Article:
My Thoughts on the Shooting in Florida

Let me start off by saying that regardless of how you feel mass shootings should be handled in the future, it is fair to say that we are all deeply shattered by what happened in Parkland, Florida on Wednesday. As a parent and a brother to two younger siblings, I cannot begin to imagine the pain one endures upon losing a loved one under such horrid circumstances. I, like most of you, want us to all come together to ensure that we are better prepared for any remote possibility of this happening again.

In order for us to do that, we need to assess what is being suggested and determine whether or not these suggestions will affect the possibility of this happening in the future. Before we can decide how to proceed, we need to first look at what we know about the incident.

The gunman, 19-year-old Nikolas Cruz, purchased an AR-15 rifle legally in February of 2017. This wasn’t a straw purchase or one made through “the gun show loophole”, it was bought legally from an FFL dealer in Florida (Sunrise Tactical Supply). Even though Cruz had passed the background check, there were numerous red flags involving him in the past; on January 5, the FBI was notified of “the potential of him conducting a school shooting” but failed to act on it.  If taken seriously, 17 people could still be alive today.

In September of 2017, a Youtube user from Mississipi reported a comment made by a user with the name “nikolas cruz” to the FBI. The comment read “I’m going to be a professional school shooter”. The FBI confirmed that they looked into it but were unable to trace the account to anyone. The FBI was unable to find the user of an account whose username was his actual name! Additional information to note is that Cruz was a loner who was “crazy about guns”. His Snapchat account also revealed him “cutting his arms”. Broward County Sheriff Scott Israel said that his office “received about 20 calls regarding the suspected school gunman over the past few years.”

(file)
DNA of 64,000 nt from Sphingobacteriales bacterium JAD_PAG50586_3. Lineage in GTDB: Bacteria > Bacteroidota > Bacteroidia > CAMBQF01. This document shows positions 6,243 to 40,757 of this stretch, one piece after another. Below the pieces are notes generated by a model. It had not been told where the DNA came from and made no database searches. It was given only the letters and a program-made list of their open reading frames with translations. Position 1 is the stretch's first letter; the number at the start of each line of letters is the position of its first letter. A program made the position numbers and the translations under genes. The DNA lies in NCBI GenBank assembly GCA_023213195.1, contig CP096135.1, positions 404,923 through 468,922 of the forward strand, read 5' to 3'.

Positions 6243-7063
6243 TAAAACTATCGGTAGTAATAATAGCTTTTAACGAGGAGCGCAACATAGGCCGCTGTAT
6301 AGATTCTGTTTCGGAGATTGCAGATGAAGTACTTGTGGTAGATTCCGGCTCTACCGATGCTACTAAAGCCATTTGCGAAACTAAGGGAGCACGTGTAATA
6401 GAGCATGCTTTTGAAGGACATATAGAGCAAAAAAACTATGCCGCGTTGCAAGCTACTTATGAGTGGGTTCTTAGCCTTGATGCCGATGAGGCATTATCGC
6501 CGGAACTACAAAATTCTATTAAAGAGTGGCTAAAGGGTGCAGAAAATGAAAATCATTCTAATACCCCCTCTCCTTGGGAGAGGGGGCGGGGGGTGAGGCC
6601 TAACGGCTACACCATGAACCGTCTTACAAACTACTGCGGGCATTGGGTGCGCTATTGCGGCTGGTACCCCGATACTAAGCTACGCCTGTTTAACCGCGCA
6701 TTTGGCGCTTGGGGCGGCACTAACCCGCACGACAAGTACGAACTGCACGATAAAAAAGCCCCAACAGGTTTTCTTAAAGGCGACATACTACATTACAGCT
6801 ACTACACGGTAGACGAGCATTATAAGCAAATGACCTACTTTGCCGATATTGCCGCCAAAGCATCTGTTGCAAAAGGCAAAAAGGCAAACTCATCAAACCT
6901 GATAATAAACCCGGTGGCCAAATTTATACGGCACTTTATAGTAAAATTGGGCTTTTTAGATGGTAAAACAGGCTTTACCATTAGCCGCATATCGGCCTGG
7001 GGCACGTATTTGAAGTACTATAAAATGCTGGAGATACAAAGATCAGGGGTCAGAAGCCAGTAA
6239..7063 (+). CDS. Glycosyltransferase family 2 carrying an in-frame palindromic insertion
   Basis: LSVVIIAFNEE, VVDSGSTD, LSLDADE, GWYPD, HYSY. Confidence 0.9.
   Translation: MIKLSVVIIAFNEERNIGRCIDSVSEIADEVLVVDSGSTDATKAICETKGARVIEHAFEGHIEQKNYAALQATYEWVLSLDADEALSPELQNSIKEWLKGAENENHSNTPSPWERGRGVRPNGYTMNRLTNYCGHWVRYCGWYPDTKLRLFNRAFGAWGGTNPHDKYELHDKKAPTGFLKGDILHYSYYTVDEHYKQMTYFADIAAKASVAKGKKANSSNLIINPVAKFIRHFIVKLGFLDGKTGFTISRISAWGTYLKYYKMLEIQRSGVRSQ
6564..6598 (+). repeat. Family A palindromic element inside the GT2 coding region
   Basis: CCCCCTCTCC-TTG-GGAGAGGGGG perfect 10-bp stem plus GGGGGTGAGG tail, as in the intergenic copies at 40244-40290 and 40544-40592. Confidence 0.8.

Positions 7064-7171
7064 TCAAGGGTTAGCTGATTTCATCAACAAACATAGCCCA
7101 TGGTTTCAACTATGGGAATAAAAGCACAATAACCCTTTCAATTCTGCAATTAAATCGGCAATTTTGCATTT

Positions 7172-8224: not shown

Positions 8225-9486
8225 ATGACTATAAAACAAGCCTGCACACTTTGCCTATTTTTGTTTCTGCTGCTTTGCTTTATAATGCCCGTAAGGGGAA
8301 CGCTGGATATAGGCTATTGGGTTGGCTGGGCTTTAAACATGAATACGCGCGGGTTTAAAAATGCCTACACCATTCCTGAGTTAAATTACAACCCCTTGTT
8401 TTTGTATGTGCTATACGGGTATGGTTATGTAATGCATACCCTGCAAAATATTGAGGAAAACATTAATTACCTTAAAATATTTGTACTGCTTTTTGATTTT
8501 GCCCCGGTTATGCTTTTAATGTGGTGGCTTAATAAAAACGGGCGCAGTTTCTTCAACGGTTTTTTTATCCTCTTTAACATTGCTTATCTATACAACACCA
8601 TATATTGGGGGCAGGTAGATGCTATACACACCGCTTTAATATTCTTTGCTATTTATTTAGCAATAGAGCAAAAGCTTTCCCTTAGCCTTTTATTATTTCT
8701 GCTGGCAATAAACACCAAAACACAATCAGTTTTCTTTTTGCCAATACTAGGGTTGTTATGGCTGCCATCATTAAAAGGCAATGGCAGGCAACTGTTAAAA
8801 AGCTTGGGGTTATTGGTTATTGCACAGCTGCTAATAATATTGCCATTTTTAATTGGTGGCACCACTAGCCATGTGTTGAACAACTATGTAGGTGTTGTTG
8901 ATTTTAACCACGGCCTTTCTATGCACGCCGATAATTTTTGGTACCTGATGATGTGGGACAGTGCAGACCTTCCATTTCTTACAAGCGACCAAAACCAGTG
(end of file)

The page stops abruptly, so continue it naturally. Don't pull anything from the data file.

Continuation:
The public defender went on record saying that “This kid exhibited every single known red flag, from killing animals to having a cache of weapons to disruptive behavior to saying he wanted to be a school shooter,”.

Based on what we know, if AR-15s were not available for purchase, would the outcome have been different? Perhaps. But regardless of what limits you place on the firearms that can be bought, you cannot take the hate out of someone’s heart. The truth is that there are people out there who are, like Cruz, mentally unstable, and there is an infinite number of ways one can get their hands on a firearm, or any other potentially deadly weapon if they wish to do so.

What about enforcing stricter background checks? Well, what if someone is like Cruz and isn’t clinically diagnosed and has no criminal record? What then? One possibility is to do what U.S. Senator Marco Rubio has suggested for Florida and that is to push for new laws that would allow family members or law enforcement to get a court order to retrieve firearms that are believed to be in the hands of someone who poses a threat to themselves and/or others – also known as “red flag laws”. Aside from comments made by Rubio I have not seen or heard any other suggestions from the gun control advocates on what should be done to prevent these atrocities in the future.